Please use this identifier to cite or link to this item: https://doi.org/10.2747/1539-7216.52.4.464
Title: China's nuclear energy in light of the disaster in Japan
Authors: Thomson, E. 
Keywords: Chernobyl
China
coal
energy mix
Fukushima
Japan
nuclear power
nuclear reactors
power plants
spent nuclear fuel
Three Mile Island
Issue Date: 1-Jul-2011
Citation: Thomson, E. (2011-07-01). China's nuclear energy in light of the disaster in Japan. Eurasian Geography and Economics 52 (4) : 464-482. ScholarBank@NUS Repository. https://doi.org/10.2747/1539-7216.52.4.464
Abstract: A specialist on China's energy industries surveys China's ambitious program for the expansion of nuclear energy, and how it may be reassessed in light of the disaster (earthquake and tsunami) that destroyed the Fukushima Daiichi nuclear power plant in Japan in March 2011, spreading hazardous levels of radiation and forcing mass evacuations in that country. The author examines the rationale underlying the Chinese government's decision to rapidly increase China's nuclear power generation capacity, reviews the new plant construction targets in place immediately preceding the disaster in Japan, and analyzes Beijing's responses to it. Among the questions addressed are what alternatives China has for increasing "clean" power generation and whether nuclear power generation in that country poses greater risks overall than other means of power generation.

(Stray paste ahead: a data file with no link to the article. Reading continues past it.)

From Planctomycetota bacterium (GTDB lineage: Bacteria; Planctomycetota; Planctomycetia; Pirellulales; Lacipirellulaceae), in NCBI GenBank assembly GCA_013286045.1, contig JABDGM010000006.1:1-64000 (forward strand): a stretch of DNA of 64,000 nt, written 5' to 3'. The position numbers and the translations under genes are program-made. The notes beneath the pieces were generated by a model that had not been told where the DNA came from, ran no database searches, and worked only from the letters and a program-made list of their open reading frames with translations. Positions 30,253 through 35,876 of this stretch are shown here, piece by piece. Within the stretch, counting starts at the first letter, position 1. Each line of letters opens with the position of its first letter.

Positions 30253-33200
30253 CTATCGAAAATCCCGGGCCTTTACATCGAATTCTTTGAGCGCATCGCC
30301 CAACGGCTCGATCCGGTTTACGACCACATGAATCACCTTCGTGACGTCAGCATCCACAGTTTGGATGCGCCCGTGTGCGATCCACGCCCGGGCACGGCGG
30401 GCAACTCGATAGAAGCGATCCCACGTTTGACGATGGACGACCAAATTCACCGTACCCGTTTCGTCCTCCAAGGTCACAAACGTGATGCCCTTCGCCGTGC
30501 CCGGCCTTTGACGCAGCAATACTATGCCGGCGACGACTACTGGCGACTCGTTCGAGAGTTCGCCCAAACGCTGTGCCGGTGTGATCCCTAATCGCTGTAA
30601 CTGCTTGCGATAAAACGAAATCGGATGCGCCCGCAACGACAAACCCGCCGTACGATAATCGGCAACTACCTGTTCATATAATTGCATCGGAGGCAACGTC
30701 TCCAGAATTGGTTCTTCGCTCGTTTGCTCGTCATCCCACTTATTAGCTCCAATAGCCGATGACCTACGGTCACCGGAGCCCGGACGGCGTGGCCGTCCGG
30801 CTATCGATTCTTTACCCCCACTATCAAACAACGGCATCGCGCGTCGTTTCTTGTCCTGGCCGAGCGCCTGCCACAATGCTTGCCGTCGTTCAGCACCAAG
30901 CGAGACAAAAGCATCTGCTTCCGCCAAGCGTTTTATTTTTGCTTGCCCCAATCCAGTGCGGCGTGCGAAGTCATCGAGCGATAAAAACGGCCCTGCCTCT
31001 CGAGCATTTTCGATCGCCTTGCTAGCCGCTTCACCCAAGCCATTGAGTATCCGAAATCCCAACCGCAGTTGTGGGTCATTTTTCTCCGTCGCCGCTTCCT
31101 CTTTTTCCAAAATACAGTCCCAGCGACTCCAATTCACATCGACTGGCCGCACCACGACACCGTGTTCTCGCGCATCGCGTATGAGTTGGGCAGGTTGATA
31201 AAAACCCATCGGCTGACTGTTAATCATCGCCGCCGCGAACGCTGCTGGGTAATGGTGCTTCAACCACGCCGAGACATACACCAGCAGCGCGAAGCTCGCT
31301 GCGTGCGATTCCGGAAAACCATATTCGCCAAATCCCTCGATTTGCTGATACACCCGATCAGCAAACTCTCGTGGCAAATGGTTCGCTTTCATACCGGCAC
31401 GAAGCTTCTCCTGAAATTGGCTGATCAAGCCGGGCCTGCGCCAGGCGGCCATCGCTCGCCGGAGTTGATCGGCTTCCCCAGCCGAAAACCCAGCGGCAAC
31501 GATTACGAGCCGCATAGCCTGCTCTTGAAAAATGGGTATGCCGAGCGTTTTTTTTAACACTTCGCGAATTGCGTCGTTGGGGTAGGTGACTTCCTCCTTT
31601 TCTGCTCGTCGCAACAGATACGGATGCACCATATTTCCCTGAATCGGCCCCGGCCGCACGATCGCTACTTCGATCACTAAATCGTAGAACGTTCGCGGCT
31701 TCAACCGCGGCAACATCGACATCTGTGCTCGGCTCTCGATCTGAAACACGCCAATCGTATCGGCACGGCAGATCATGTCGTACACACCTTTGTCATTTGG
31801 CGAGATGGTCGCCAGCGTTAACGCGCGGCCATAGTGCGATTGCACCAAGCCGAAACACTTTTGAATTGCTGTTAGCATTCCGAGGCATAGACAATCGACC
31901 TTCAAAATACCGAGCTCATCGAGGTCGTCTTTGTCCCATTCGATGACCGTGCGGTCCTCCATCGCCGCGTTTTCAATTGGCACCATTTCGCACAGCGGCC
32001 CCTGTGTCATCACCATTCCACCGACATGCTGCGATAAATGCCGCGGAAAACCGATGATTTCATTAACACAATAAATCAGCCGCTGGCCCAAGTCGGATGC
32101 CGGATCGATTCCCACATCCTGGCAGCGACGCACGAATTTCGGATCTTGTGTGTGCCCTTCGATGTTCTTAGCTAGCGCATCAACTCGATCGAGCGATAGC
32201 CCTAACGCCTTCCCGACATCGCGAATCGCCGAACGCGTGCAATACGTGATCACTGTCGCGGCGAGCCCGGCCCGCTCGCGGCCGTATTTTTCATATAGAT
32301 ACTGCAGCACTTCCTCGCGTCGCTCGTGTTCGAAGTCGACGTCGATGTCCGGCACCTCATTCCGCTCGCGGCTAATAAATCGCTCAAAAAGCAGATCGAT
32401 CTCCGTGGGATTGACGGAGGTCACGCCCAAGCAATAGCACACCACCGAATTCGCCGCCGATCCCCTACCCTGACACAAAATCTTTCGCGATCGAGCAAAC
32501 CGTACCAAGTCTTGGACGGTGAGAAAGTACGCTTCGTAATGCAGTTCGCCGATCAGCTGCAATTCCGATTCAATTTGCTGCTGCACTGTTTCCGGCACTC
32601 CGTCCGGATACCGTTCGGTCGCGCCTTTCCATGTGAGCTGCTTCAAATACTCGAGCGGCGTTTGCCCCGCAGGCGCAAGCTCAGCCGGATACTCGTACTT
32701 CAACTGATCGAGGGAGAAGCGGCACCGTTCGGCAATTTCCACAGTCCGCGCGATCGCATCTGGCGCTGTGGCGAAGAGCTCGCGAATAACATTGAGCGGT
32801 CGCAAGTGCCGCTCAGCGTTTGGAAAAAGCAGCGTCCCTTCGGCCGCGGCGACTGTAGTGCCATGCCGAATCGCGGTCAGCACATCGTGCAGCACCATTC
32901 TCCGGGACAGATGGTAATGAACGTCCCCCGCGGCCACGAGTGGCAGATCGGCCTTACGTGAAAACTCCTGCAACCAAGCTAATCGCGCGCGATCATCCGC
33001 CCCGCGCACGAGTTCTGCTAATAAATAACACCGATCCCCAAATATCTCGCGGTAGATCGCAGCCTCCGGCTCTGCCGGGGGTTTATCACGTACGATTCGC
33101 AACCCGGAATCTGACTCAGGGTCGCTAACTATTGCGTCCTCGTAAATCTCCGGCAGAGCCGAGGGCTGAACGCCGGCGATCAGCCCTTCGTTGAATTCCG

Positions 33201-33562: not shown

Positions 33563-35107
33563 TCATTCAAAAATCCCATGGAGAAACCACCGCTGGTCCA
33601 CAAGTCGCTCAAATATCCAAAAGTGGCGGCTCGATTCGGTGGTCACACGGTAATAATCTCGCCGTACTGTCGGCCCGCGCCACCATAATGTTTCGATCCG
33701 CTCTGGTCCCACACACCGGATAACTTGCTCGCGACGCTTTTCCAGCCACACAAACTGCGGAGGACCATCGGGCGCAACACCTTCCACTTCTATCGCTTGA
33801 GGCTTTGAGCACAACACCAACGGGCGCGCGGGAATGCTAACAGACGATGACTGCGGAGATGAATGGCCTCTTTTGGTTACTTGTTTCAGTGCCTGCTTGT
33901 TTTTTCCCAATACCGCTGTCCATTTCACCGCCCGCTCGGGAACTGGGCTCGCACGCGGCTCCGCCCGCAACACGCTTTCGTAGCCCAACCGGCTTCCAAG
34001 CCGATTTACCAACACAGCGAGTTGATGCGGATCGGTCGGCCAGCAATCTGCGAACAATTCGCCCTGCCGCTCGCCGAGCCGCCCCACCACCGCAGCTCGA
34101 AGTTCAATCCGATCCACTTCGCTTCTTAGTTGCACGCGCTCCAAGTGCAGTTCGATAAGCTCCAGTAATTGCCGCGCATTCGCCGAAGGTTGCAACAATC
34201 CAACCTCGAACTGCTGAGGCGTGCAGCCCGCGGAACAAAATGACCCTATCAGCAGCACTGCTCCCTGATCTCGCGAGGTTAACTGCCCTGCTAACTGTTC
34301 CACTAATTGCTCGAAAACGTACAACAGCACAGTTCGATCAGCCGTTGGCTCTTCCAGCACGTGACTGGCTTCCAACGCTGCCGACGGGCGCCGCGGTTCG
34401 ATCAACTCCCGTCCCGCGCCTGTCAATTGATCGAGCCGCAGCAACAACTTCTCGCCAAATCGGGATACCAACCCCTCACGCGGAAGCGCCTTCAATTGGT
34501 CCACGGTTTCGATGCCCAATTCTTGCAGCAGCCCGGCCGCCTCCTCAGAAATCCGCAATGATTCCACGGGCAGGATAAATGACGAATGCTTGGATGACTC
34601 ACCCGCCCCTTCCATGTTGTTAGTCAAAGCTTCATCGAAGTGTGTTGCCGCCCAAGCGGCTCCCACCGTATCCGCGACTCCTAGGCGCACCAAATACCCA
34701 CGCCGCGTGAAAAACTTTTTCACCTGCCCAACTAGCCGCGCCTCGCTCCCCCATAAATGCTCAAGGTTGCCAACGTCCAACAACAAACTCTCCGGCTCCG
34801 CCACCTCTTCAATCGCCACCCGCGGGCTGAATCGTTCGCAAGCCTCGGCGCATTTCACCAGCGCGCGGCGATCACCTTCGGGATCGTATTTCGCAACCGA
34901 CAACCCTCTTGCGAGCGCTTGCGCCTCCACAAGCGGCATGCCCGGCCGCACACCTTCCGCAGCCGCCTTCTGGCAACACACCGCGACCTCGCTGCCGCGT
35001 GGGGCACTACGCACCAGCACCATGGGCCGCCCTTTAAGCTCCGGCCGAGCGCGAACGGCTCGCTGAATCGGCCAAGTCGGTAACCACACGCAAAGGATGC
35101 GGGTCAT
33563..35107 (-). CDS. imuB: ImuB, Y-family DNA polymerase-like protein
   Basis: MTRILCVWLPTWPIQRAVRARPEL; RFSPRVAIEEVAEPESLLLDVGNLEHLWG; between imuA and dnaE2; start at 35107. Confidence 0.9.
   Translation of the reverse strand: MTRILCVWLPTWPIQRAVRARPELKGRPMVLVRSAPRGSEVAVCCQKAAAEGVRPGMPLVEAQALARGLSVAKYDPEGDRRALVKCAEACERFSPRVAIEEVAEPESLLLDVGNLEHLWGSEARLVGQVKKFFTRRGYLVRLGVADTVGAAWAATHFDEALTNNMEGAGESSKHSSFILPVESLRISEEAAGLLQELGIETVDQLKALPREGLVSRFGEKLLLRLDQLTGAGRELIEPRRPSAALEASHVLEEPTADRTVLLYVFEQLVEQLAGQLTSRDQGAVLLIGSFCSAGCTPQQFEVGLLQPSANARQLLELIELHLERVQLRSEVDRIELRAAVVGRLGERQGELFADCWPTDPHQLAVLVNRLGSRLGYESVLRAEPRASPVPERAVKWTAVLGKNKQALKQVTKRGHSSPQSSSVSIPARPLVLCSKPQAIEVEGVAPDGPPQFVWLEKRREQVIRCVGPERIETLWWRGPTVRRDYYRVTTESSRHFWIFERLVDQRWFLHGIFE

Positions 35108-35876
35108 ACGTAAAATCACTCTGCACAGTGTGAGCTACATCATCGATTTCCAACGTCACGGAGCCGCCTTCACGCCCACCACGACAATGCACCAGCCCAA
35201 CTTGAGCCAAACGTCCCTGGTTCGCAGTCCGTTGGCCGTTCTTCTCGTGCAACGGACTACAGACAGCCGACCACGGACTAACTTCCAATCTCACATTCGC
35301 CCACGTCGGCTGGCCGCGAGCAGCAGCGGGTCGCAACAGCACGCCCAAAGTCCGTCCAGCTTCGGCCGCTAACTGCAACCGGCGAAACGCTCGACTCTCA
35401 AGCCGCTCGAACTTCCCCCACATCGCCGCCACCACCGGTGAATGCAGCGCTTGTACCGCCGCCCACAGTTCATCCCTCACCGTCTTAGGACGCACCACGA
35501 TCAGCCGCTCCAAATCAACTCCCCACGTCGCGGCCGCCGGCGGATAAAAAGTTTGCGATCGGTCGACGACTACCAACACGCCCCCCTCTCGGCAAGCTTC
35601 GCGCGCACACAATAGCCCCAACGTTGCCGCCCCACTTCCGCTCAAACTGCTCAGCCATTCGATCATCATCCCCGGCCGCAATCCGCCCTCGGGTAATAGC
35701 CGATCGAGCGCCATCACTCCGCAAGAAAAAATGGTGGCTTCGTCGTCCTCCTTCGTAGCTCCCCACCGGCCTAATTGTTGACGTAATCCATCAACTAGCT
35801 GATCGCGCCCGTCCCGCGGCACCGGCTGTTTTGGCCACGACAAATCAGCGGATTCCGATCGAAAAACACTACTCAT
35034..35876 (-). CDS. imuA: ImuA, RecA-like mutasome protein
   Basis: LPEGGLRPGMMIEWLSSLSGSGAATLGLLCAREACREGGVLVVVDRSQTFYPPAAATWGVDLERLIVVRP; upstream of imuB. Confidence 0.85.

Source Title: Eurasian Geography and Economics
URI: http://scholarbank.nus.edu.sg/handle/10635/116950
ISSN: 15387216
DOI: 10.2747/1539-7216.52.4.464
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